Layla (video game)
Cover art showing Layla (left) and Iris (right)
In a story inspired by Dirty Pair, Layla, a 17-year-old member of special forces group CAT, needs to rescue her partner and girlfriend Iris who was kidnapped by the evil Dr. Manitoka. Eight asteroids have to be explored in search of Iris, each divided into two sections: the first part involving the surface of the asteroid while the second part deals with the actual enemy base.
The game's screen always scrolls from left to right and no backtracking is permitted on any level. While navigating through the cavern-like interiors of the asteroids, password disks must be retrieved. At the end of each base awaits a boss that must be defeated. When the player character's life reaches zero, she dies and immediately loses a life. A password is shown after the player game over so that players can resume their progress at a later date.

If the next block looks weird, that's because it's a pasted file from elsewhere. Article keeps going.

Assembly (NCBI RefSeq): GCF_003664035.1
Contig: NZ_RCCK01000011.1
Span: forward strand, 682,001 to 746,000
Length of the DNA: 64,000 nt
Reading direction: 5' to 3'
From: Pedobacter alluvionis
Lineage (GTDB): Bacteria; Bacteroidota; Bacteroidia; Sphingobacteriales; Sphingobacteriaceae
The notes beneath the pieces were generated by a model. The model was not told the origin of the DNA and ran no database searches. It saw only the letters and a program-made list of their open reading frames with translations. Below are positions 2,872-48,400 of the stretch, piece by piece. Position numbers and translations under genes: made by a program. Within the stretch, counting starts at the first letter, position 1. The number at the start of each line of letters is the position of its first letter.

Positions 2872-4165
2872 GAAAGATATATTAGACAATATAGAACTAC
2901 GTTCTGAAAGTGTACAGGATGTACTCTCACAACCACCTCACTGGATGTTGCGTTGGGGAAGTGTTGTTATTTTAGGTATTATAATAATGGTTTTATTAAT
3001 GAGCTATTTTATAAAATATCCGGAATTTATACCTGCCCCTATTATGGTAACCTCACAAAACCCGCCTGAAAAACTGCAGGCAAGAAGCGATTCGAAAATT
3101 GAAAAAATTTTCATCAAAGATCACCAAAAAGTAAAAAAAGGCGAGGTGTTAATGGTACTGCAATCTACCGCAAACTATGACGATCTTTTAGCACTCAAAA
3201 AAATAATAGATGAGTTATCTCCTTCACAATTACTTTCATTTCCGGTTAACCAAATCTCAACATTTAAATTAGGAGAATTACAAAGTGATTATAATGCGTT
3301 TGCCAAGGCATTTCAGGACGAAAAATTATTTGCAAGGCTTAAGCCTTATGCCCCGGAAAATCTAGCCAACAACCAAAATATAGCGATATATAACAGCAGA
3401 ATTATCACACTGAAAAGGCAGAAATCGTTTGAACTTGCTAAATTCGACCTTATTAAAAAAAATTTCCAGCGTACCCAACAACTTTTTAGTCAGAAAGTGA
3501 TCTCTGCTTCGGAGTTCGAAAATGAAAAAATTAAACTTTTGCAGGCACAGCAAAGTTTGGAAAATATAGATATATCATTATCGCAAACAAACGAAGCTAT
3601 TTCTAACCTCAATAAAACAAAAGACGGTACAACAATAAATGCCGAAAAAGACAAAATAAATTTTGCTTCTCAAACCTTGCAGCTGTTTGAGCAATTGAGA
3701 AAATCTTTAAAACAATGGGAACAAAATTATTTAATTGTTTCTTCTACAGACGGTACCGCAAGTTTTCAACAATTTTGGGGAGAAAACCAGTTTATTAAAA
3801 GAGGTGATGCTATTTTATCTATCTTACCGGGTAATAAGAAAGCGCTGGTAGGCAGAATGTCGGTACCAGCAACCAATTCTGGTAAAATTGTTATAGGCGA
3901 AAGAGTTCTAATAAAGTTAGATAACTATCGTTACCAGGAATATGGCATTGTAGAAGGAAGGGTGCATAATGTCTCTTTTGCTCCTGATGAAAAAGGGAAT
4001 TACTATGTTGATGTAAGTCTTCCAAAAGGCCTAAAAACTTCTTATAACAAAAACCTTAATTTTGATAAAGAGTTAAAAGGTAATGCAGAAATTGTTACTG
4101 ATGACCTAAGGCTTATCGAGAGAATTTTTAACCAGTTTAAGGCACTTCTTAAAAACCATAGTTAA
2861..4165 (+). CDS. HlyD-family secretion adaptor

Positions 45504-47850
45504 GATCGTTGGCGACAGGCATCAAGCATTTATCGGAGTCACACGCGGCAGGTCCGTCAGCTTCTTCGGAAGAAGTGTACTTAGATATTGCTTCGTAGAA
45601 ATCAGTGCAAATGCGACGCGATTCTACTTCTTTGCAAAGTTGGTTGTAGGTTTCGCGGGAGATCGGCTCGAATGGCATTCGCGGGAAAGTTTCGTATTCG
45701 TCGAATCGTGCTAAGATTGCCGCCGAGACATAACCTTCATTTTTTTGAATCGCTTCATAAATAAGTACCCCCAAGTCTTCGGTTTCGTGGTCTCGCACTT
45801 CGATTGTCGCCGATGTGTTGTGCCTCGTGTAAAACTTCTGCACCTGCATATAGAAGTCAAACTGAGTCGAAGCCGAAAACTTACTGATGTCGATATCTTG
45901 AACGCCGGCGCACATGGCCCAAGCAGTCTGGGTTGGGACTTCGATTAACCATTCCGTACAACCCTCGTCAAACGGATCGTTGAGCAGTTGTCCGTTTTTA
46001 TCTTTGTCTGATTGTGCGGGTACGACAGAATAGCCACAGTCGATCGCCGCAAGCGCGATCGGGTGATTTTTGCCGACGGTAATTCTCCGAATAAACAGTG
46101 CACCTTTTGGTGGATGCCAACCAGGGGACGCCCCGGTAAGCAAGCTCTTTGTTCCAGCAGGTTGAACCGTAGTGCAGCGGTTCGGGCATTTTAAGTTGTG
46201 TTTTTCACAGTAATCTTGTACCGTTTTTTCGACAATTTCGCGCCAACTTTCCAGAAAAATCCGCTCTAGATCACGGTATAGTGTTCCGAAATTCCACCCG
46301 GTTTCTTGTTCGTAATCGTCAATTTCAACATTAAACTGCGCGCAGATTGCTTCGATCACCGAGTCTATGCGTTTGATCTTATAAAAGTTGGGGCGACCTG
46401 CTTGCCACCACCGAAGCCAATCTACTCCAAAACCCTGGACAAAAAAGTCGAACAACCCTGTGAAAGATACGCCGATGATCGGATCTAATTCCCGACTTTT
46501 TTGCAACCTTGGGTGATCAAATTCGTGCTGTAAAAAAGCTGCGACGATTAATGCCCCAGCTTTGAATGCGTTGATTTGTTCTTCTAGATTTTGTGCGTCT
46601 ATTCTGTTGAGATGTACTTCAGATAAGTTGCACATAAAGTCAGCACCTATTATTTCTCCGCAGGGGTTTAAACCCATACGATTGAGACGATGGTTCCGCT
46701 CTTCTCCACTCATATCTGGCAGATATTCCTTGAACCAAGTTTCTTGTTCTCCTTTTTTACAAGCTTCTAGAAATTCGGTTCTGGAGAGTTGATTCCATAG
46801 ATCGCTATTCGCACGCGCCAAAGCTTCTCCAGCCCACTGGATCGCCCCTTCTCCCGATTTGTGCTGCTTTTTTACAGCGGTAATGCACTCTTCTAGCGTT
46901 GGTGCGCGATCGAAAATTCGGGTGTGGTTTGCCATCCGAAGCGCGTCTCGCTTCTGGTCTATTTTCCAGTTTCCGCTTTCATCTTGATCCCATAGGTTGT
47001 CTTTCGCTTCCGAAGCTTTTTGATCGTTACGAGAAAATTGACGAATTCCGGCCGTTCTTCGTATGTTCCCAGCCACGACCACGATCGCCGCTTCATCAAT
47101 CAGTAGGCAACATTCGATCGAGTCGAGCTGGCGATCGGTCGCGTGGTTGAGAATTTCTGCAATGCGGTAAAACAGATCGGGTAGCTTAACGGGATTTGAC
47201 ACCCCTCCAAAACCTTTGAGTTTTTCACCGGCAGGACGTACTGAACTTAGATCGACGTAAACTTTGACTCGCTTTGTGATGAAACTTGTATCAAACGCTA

Several guns in addition to some hand grenades can be used; a handgun is the player's initial weapon, but more powerful weapons can be found by exploring. Every weapon has a limited amount of ammunition. Certain blocks can be broken by using the player's chosen weapon; the destroyable and non-destroyable blocks are sometimes indistinguishable. Bonus levels distributed throughout the game allow players to destroy squadrons of enemy ships while being completely impervious to their attacks.
When Layla was announced in August 1986, originally scheduled to arrive in September, the game was noted for featuring the second heroine on the Nintendo Entertainment System, after Valkyrie from Valkyrie no Bōken: Toki no Kagi Densetsu (the gender of Samus Aran from Metroid was a secret). However, more female-protagonists games including Athena, The Wing of Madoola and Gall Force also arrived at around the same time as when it was finally released in December. Upon its release, Layla was rated 26/40 (5, 7, 7, 7) by the four reviewers in Weekly Famitsu, three of whom acclaimed the cuteness of the main character in their notes. The three reviewers from Marukatsu FC gave it an overall score of 11/15 (4, 4, 3).
- GameCenter CX, a Japanese TV program that used the game in one of challenges during the 11th season.
- Famicom Magazine 25 (1986/12/19).
- Marukatsu FC 16 (1986/12/26).
- Weekly Famitsu 10 (1986/10/31).
- Famicom Magazine (1986/06/20).
- High Score October 1986.
- Marukatsu FC 15 (1986/12/12).
- Weekly Famitsu 14 (1986/12/26).